What hath the Emperor wrought?
January 14, 2004 arrived with so much promise. For 23 years, our space program had been going in circles just outside our atmosphere. The President spoke with purpose, to give purpose again to our nation's space program. A conservative time table nonetheless challenged the talented group to fly out of the circle to more distant destinations.
The first steps would be back to familiar territory. A reconnaissance orbiter at the moon by 2008. Competing prototypes of the crew exploration vehicle would have flown this year demonstrably pointing the way. An unmanned lander scouting for resources would embark on its journey shortly thereafter. A means of transporting humans to and fro with a large step up in reliability and safety was mandated for 2014. Ten years seemed more than sufficient to recreate a capability we had almost 50 years prior.
The mantra. Soon, Simple, Safe.
Now that is all but a memory.
Now we are told that 10 years to design, develop, test, and fly the CEV, ostensibly drawing on 50 years of heritage, is not long enough. The prototypes were thrown overboard long ago. As if to preface the coming storm, the lunar orbiter grew in size and complexity and has been delayed right out of 2008. Plans for the robotic lander were discarded as resources became scarce chasing other problems. Despite ditching the precursors, the reinvigoration of exploration is still somewhere over the rainbow.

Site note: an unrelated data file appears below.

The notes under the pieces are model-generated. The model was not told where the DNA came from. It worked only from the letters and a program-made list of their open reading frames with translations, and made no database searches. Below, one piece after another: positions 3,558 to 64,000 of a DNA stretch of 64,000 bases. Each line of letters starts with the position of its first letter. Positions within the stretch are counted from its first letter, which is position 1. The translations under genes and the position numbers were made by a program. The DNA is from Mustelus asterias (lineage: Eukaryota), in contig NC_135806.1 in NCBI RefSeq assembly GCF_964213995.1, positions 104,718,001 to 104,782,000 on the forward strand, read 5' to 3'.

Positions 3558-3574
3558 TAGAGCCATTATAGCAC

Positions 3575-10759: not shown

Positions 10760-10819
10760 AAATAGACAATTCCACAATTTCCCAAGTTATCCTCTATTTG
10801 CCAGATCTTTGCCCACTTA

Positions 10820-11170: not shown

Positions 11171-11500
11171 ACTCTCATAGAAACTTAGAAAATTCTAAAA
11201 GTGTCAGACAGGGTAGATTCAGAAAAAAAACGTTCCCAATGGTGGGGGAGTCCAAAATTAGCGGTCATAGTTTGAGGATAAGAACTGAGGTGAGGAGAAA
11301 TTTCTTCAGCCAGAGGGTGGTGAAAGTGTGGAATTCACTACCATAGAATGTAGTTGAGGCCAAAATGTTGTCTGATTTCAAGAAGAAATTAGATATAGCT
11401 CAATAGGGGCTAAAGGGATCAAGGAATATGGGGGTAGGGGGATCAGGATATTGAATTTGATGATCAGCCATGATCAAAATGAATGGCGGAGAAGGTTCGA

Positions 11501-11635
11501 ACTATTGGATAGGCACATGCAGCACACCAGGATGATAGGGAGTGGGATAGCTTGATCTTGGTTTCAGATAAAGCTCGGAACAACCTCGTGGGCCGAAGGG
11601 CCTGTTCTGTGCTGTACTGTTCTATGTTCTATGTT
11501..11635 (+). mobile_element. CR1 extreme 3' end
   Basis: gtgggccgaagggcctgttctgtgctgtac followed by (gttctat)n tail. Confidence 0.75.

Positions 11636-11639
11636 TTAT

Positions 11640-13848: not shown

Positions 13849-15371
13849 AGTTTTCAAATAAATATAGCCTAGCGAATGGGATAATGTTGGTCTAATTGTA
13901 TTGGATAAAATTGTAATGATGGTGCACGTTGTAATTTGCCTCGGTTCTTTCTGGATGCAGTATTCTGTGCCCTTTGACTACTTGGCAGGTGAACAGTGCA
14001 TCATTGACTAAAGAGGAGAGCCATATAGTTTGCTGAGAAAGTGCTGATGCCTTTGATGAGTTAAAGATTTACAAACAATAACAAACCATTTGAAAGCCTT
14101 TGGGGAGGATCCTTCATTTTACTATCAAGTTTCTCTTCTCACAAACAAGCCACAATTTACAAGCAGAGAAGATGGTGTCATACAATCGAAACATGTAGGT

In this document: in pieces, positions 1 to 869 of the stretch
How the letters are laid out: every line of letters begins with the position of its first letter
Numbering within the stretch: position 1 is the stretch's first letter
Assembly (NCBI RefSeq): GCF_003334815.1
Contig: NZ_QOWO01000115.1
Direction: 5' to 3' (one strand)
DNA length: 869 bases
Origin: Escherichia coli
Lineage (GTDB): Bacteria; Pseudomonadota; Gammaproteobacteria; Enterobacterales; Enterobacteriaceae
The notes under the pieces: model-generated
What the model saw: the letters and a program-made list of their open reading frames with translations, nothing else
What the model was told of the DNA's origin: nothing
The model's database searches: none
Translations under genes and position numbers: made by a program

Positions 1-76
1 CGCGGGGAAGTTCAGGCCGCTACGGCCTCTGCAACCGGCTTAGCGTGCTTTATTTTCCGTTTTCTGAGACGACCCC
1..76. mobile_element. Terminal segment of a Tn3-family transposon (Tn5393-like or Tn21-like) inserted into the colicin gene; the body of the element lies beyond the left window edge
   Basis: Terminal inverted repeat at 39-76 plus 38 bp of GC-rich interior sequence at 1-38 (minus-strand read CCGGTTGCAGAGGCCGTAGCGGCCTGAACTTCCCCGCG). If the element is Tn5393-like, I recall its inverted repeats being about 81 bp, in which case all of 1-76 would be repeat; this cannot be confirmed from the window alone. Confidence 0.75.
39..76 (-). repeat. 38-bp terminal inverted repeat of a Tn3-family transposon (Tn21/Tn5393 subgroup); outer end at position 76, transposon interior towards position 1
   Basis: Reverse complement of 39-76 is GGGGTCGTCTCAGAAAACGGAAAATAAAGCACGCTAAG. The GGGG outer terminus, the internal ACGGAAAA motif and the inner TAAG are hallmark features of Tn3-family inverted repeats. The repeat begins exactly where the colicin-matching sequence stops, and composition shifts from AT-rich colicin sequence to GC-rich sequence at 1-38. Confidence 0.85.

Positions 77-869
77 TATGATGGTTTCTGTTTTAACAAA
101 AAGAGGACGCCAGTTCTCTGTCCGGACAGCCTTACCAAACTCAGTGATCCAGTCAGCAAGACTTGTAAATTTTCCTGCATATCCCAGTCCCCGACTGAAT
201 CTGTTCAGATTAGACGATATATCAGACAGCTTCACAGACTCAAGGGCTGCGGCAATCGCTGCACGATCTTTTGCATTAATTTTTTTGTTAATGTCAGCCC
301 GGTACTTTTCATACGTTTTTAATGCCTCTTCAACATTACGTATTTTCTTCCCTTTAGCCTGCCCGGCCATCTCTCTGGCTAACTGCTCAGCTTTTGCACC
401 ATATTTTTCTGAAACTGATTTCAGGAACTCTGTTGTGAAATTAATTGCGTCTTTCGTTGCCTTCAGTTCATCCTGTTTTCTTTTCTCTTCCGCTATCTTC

The launch vehicle, touted as a "no moving parts" replacement for the space shuttle, now resembles something more like a mummy with bling, wrapped in band aids bought with fool's gold. Tens of steering rockets keep it pointed in the right direction as it lifts off its pad. Springs, masses, dampers, batteries, and museum pieces for computers will, we are told, make it possible for our astronauts to endure the rigors of riding a wild bull. And this ride has to go for more than eight seconds.
The capsule resembles its Apollo brethern in shape only. Apollo was statically stable on re-entry. Only the batteries unleashing the top hat and parachutes needed to work to get the crew safely to the ground. The "improved" vehicle is unstable, suffering from an immature and misguided set of requirements, which places trust in the electrons, valves, switches, and software required to fire thrusters to keep the capsule upright as it enters the atmosphere.
We have lost the sense of urgency. We have lost our ability to design. We will lose crews if this system makes it to the pad. That only leaves us with Hope.
Hope is not a strategy.